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Can we stop malaria parasites in the skin?

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Background

Since the discovery of malaria transmission by mosquitoes, it was assumed that the parasites are injected directly into the blood stream. However, indirect experiments [1] and direct microscopic observations using mice as hosts and fluorescent rodent malaria species showed that the parasites are instead injected into the skin. These Plasmodium sporozoites then migrate rapidly through the dermis and enter blood or lymph vessels [2]. Stopping sporozoite motility also halts infection [3]. We aim at understanding the mechanisms that drive sporozoite motility and identify drug-like compounds that stop parasite locomotion. To this end, we have adapted and developed new methods including a screening pipeline to test small molecules that could interfere with motility and thus stop Plasmodium transmission at the skin stage [4, 5].

Materials and methods

A screening pipeline was developed that allowed medium-throughput assessment of small molecules as possible inhibitors of sporozoite motility in vitro. This was followed by in vivo testing during transmission from mosquito to mouse.

Results

We tested over 200 compounds selected from a library of drugs approved by the Federal Drug Administration for their potential to interfere with motility. We identified two molecules that inhibited in vitro motility in the nano-molar range. When these two compounds were tested during the transmission by mosquitoes, an ectopically applied drug resulted in a decrease of transmission efficiency while an orally given drug showed no effect on transmission at non-toxic doses.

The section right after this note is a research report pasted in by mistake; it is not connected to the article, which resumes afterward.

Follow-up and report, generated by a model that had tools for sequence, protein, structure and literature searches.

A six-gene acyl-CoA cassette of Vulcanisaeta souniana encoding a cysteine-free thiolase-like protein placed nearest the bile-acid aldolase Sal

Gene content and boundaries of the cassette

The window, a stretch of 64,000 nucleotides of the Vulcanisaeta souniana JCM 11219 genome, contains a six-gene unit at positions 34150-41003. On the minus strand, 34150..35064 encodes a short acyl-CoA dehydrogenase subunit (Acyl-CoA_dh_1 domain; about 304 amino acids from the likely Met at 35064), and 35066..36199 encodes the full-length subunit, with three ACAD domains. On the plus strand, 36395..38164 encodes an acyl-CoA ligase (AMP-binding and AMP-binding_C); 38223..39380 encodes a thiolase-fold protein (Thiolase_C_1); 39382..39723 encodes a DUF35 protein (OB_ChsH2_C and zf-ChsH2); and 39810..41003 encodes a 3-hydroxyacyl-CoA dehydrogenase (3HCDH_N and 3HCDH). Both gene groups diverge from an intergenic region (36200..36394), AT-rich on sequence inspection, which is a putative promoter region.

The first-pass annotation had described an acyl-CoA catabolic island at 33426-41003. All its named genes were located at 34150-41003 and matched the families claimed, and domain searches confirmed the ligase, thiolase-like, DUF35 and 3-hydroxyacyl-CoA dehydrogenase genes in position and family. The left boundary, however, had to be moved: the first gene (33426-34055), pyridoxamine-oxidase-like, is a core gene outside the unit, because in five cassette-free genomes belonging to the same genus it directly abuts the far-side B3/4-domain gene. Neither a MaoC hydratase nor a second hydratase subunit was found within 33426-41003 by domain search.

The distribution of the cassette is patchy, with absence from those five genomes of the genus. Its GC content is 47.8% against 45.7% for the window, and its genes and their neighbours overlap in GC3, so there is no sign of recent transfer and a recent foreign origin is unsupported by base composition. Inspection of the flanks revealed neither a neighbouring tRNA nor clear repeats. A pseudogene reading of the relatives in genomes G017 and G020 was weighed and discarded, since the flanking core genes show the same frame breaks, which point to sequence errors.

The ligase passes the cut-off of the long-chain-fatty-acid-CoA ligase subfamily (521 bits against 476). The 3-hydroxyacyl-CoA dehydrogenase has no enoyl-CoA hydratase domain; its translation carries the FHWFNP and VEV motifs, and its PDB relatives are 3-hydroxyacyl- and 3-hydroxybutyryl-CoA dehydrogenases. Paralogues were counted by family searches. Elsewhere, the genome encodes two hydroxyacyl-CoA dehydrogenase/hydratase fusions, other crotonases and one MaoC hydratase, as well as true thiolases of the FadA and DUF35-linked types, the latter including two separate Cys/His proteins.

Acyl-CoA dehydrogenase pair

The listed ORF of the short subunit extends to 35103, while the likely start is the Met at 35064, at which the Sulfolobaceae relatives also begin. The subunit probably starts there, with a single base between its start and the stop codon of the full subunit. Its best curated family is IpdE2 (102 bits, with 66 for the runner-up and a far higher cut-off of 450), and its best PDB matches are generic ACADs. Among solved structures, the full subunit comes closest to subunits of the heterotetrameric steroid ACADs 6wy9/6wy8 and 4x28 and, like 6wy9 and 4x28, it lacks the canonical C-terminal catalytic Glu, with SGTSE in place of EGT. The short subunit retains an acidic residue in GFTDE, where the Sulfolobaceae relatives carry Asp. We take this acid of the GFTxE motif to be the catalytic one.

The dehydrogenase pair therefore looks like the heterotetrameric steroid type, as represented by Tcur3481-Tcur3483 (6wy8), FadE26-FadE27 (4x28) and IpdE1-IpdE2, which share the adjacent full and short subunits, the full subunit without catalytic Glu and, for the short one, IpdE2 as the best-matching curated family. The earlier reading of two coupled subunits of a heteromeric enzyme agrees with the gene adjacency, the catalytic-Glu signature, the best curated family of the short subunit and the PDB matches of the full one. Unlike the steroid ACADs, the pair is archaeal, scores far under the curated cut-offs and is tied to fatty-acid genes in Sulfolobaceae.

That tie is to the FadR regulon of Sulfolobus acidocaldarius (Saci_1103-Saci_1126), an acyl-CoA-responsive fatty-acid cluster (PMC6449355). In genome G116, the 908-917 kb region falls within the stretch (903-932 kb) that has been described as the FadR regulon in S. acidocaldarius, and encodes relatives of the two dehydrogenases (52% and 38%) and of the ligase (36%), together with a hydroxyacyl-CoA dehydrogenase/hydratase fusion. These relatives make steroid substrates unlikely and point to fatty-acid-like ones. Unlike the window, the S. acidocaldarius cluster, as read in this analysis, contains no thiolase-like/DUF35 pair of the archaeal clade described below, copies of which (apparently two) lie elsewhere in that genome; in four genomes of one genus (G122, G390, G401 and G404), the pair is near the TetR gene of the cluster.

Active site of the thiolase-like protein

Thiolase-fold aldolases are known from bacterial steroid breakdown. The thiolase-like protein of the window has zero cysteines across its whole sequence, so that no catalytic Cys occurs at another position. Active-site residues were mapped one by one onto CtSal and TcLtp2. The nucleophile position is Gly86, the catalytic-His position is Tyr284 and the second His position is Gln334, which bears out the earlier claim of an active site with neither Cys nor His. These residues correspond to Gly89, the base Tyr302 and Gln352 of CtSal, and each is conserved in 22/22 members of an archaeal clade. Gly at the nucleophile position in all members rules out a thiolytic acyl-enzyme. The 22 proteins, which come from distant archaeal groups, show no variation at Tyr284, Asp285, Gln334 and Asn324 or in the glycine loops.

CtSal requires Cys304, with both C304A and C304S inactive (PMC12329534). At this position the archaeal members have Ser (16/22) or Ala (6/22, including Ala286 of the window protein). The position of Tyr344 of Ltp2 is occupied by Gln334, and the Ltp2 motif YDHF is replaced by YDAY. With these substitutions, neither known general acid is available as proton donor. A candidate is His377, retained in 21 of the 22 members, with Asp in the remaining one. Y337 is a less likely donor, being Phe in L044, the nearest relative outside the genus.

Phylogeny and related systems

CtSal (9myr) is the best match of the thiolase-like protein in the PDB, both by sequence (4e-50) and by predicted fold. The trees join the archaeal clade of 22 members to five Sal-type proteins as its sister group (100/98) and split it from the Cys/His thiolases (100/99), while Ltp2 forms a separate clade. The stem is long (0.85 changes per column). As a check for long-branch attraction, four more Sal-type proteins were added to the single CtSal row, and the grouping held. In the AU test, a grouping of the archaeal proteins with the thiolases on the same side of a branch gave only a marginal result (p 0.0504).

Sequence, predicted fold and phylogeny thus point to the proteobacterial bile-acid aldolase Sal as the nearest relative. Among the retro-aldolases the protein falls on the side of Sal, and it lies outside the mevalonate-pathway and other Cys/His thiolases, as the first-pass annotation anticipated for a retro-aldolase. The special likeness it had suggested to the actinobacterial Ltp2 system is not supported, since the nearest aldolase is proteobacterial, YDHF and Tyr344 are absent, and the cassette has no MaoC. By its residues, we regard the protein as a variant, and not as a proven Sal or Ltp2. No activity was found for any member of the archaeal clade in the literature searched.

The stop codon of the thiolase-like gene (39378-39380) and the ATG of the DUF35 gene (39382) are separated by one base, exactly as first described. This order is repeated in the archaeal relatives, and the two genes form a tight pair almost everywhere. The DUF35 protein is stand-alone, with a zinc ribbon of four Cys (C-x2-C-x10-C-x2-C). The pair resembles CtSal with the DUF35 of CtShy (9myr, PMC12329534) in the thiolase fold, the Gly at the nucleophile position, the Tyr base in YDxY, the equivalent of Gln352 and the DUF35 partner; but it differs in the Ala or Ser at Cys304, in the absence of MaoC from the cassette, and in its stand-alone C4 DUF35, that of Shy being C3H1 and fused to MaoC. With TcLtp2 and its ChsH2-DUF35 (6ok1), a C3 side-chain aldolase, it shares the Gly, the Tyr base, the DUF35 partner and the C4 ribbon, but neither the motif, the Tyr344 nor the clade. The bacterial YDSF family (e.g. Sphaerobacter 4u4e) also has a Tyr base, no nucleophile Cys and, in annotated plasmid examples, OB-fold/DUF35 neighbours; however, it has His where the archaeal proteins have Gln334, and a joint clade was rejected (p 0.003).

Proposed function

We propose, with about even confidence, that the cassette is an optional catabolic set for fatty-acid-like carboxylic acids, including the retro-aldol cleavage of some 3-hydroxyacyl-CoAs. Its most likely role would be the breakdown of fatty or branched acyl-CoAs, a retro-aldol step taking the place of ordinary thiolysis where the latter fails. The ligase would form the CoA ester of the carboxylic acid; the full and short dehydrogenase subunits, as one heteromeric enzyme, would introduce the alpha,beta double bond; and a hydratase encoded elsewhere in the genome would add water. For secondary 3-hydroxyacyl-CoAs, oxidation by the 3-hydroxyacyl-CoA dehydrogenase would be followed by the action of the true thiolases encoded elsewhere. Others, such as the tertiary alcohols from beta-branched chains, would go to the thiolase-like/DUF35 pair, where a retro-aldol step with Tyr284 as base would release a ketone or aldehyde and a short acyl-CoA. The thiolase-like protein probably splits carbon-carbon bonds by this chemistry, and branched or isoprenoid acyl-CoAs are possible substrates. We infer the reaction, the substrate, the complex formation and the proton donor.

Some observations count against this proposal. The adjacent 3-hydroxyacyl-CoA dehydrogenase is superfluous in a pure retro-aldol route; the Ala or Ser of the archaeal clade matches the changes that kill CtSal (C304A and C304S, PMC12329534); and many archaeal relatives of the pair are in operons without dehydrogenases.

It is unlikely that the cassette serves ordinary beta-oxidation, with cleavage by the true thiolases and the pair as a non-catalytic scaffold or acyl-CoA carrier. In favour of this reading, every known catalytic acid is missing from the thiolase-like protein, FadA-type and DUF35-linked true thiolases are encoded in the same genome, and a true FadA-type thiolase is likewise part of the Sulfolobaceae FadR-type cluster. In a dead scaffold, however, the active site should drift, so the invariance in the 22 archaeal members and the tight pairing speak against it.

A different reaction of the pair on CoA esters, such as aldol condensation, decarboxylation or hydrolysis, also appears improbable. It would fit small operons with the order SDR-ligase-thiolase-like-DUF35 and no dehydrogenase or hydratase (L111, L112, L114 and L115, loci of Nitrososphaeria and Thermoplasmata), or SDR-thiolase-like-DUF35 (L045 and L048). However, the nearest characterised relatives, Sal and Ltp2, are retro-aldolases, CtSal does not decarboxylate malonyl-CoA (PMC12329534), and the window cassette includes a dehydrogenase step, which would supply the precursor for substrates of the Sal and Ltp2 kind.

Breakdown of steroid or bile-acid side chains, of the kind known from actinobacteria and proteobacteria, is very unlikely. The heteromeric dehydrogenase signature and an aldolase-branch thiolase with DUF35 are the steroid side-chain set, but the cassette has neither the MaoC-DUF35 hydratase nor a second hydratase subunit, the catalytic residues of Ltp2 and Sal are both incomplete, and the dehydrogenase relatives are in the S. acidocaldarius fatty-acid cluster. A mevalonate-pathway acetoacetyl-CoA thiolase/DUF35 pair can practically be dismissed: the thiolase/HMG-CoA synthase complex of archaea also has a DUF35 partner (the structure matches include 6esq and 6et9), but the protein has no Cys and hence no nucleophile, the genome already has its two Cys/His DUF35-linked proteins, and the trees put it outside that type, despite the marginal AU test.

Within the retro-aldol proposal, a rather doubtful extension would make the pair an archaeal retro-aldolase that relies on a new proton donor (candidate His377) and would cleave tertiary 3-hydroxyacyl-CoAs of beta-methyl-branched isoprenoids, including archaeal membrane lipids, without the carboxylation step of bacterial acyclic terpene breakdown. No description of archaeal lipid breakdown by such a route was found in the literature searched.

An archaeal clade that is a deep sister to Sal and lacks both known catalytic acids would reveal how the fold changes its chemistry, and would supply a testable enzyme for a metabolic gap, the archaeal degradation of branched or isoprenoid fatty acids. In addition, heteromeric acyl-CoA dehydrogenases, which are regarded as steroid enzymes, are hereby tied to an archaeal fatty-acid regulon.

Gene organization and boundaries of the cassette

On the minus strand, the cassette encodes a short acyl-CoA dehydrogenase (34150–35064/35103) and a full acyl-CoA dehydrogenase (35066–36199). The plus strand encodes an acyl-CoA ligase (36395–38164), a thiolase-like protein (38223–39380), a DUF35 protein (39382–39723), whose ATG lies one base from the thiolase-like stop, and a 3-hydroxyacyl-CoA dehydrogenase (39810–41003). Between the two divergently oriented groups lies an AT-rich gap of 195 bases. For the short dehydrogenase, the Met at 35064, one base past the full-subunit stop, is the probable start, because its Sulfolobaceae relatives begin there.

References

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    Sidjanski SP, Vanderberg JP: Delayed migration of Plasmodium sporozoites from the mosquito bite site to the blood. Am J Trop Med Hyg. 1997, 57: 426-429.

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    Amino R, Thiberge S, Martin B, Celli S, Shorte S, Frischknecht F, Ménard R: Quantitative imaging of Plasmodium transmission from mosquito to mammal. Nat Med. 2006, 12: 220-224. 10.1038/nm1350.

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    Kebaier C, Voza T, Vanderberg J: Kinetics of mosquito-injected Plasmodium sporozoites in mice: fewer sporozoites are injected into sporozoite-immunized mice. PLoS Pathog. 2009, 5: e1000399-10.1371/journal.ppat.1000399.

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    Hegge S, Kudryashev M, Smith A, Frischknecht F: Automated classification of Plasmodium sporozoite movement patterns reveals a shift towards productive motility during salivary gland infection. Biotechnol J. 2009, 4: 903-913. 10.1002/biot.200900007.

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    Hegge S, Münter S, Steinbüchel M, Heiss K, Engel U, Matuschewski K, Frischknecht F: Multistep adhesion of Plasmodium sporozoites. FASEB J. 2010, 24: 2222-2234. 10.1096/fj.09-148700.

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Author information

Correspondence to Friedrich Frischknecht.

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Cite this article

Douglas, R., Ester, M., Hellmann, J. et al. Can we stop malaria parasites in the skin?. Malar J 13, O7 (2014) doi:10.1186/1475-2875-13-S1-O7

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Keywords

  • Malaria
  • Small Molecule
  • Plasmodium
  • Microscopic Observation
  • Lymph Vessel

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